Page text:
Every talk is a stage show
Pull back the curtain and show more clearly when things go wrong
Planted November 20, 2023
I was reading this post from Ivan Grishaev’s blog, Data Driven Development is a lie.
In it, he argues that the Clojure obsession with DDD is helpful and useful for a small set of cases. Those are the cases that are talked about most and presented as successes on the stages at Cloojure conferences. This increases the “cargo cult” but also makes people second guess their own abilities. When they aren’t able to apply this type thinking to their own problems then they feel like failures.
It was an interesting article but I don’t think I know enough Clojure to be able to weigh in on it meaningfully.
What jumped out at me was this quote from near the end of the article:
Every talk is a staged show where the best parts are exposed to the viewer, and the failures are held back. No one gets to the scene to tell us how they’ve messed up.
I’ve given a few talks at conferences and meetings, and hope to give more in the coming months and years. I think the temptation to come across as the guru and sage is strong. Ivan is right - most talks show the finished product, the solved problems, the excellent execution. If there is any discussion of the problem, the concern and worry these are skated over briefly so the speaker can impress with their genius.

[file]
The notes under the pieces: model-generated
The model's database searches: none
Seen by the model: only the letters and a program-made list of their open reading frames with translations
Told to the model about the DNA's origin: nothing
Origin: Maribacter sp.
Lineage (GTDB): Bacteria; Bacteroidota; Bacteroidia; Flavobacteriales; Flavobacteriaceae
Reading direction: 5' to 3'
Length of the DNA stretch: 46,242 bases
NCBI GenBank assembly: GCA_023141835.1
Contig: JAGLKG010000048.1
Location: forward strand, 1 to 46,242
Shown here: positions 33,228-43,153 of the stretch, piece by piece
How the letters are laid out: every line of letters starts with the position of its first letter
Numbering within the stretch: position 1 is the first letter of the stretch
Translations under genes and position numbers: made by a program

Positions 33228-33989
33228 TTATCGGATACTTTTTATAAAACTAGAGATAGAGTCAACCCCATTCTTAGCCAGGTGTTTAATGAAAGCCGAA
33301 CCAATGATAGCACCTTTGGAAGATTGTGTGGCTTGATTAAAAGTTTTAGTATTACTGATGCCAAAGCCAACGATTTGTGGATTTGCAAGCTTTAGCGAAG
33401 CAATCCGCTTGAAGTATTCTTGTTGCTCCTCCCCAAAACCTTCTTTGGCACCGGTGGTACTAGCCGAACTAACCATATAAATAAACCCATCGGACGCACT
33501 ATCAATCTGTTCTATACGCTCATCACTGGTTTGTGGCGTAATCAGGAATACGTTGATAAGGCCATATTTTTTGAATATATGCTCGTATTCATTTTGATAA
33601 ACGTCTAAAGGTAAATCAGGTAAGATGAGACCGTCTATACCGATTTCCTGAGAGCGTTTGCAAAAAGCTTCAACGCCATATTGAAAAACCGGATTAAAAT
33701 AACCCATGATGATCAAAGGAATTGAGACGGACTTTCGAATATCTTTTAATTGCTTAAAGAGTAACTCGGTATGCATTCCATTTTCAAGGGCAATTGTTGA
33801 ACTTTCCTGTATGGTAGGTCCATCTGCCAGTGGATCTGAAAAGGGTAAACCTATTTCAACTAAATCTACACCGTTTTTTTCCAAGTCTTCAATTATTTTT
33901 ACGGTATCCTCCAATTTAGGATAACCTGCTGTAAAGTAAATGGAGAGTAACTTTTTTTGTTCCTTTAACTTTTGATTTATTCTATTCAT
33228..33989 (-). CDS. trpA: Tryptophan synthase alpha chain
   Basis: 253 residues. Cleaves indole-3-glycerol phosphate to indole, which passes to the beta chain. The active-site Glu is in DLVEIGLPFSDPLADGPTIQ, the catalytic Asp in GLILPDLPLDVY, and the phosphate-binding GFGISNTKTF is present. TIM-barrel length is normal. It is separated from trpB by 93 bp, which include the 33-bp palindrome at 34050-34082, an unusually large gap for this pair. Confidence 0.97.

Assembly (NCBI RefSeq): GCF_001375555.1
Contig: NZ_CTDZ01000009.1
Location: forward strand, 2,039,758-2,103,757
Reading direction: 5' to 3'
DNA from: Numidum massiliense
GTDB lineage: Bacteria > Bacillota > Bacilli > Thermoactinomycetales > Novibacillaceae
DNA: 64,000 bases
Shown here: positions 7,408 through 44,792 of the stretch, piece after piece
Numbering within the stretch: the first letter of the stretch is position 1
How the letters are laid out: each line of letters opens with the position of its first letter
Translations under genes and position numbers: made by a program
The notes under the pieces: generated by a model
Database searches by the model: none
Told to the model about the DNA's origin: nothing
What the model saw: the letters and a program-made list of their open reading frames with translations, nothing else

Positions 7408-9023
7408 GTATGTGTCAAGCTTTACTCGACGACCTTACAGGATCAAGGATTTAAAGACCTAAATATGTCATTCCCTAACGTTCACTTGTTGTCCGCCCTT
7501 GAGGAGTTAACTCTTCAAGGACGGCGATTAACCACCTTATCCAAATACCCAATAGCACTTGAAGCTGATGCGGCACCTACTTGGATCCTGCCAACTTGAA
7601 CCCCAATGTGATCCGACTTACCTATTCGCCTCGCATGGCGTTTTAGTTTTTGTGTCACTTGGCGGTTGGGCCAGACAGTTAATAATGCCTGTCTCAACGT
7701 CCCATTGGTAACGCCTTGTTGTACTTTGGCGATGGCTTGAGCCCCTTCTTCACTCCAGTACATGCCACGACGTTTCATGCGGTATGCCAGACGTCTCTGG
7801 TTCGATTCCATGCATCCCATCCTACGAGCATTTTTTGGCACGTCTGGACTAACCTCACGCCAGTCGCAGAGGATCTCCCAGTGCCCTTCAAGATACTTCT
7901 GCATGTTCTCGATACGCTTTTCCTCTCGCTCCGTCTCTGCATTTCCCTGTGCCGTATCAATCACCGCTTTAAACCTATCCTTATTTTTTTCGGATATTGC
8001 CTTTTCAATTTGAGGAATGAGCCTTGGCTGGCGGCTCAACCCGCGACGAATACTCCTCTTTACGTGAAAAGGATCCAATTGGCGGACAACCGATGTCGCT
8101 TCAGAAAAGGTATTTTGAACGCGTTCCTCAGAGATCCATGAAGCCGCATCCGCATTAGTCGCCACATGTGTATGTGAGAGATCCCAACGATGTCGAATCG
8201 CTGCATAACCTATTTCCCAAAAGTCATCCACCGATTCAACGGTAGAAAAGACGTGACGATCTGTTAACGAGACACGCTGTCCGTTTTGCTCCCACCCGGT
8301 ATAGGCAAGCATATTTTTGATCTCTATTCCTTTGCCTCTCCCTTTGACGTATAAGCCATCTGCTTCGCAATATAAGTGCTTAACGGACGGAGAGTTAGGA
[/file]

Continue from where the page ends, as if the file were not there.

But, some of the best talks I’ve seen are those that do exactly the opposite.
Instead, they pull back that curtain and show the issues and problems. They help us live in what my wife calls “the space between the question and the answer”. To see that there might not be a clear answer, that the possible solutions are all lacking, that you can solve this but there are tradeoffs.
I think the role of a conference talk is not just to teach or show off a new project or technology. It’s also an opportunity to validate the work of developers in the trenches. Of acknowledging and honouring that often pragmatism, a tough product schedule and growing technical debt make it hard to put into practice those things we learn from conferences.
Let’s make sure we don’t beat developers up. Inspire and enthuse, yes. But, when you get to the hard bit - don’t skip over it. Show them you know where they are and how they can solve their own problems.
Help your audience be badass!